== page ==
The selection of famed trial attorney Alan Dershowitz to deliver the keynote at this year’s Alaska Bar Association annual convention is being criticized by members upset over Dershowitz’s past defense of men like Jeffrey Epstein and O.J. Simpson.
Dershowitz seems an untenable choice in a state that traditionally ranks near the top of states for violence against women, they argue.
But Dershowitz, a retired Harvard University law professor, counters that those who make those claims know nothing of his record.
The Alaska Bar Association's governing board will meet, tentatively next week, to reconsider the invitation to Dershowitz to address membership at the October meeting.
“In a state like Alaska that has grave problems with violence towards women, violence towards children — including sexual violence — it’s just 100% the wrong message to send,” Scott Kendall, an Anchorage attorney who previously served as chief of staff to former Gov. Bill Walker, told Alaska’s Energy Desk. “My reaction was, ‘No way on Earth would I go to that dinner.’ "
Attorney Rob Stone, the board president, said he was aware of the controversy surrounding Dershowitz's connections to Epstein and serving as one of President Donald Trump's lawyers in the impeachment process, saying "certainly, Jeffrey Epstein did some horrible, horrible things."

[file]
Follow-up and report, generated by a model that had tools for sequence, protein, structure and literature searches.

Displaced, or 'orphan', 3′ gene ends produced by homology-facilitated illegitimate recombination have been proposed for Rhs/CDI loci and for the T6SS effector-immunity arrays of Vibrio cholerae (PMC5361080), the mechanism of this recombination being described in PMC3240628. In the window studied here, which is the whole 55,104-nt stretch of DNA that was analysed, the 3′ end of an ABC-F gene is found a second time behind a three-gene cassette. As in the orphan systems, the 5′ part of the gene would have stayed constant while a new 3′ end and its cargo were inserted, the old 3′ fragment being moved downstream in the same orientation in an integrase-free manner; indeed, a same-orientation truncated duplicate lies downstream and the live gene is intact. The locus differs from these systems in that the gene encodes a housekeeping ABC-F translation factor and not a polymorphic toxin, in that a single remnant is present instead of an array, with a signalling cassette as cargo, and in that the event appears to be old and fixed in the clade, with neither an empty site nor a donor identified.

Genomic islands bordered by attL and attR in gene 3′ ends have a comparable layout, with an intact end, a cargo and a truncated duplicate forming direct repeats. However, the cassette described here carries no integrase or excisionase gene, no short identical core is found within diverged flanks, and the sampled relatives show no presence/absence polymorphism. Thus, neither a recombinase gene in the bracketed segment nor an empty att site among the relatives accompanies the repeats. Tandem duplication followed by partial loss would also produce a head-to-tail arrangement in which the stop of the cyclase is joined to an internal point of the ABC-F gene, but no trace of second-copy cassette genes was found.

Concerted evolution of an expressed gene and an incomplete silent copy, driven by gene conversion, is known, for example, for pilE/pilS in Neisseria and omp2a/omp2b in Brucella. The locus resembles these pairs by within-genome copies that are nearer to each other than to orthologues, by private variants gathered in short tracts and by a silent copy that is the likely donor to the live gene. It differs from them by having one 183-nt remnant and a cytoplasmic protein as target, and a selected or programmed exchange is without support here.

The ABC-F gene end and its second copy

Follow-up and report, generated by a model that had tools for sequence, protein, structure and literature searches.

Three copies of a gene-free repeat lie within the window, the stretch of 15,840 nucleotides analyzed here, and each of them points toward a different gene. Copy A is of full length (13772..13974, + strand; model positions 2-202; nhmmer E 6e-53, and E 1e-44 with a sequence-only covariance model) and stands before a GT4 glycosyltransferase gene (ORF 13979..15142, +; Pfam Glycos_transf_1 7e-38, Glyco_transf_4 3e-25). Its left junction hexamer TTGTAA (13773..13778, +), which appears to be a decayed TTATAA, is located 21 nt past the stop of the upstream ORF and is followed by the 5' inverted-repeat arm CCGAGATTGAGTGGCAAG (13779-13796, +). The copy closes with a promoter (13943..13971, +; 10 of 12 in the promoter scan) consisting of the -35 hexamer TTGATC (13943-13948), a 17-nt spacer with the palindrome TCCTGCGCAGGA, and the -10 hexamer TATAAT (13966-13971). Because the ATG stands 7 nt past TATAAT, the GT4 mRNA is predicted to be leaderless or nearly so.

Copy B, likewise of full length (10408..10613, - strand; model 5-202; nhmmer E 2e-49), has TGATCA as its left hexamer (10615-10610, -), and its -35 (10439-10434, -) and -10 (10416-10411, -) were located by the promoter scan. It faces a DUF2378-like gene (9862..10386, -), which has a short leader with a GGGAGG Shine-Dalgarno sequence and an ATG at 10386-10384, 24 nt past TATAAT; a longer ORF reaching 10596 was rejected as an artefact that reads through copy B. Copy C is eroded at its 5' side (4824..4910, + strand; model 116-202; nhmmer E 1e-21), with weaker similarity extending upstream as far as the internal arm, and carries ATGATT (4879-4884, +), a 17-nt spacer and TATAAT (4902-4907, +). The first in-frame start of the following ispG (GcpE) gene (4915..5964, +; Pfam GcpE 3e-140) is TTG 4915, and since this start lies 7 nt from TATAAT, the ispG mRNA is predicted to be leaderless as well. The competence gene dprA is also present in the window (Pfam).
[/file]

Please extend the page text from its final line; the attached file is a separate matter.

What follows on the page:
But, Stone added, "criminal defense lawyers are often guilty by association with the clients that they represent."
When asked about the controversy, Dershowitz told The Associated Press he has a long history of defending women.
"I've defended more women who have been victims of sexual assault than I have men who have been accused," he said in a phone interview.
Dershowitz said the list ranges from the famous, like Patty Hearst and Mia Farrow, to poor women whom he defends at no cost.
"The people who make that argument are totally ignorant of my record," he said.
Dershowitz also said there was nothing improper about defending Epstein.
"I did absolutely nothing wrong in the Epstein case, I defended it, yes, that was my job. I was not his friend," he said. "I was paid per hour for every hour I spent on his case. I did absolutely nothing wrong."
He encouraged any Alaska Bar Association member to read his book "Guilt by Association."
"It lays out the case. It has all the evidence," he said. "If I am invited to speak at the bar, I will answer all questions about this."
Stone said it remains uncertain if the annual convention will even be held during the coronavirus pandemic.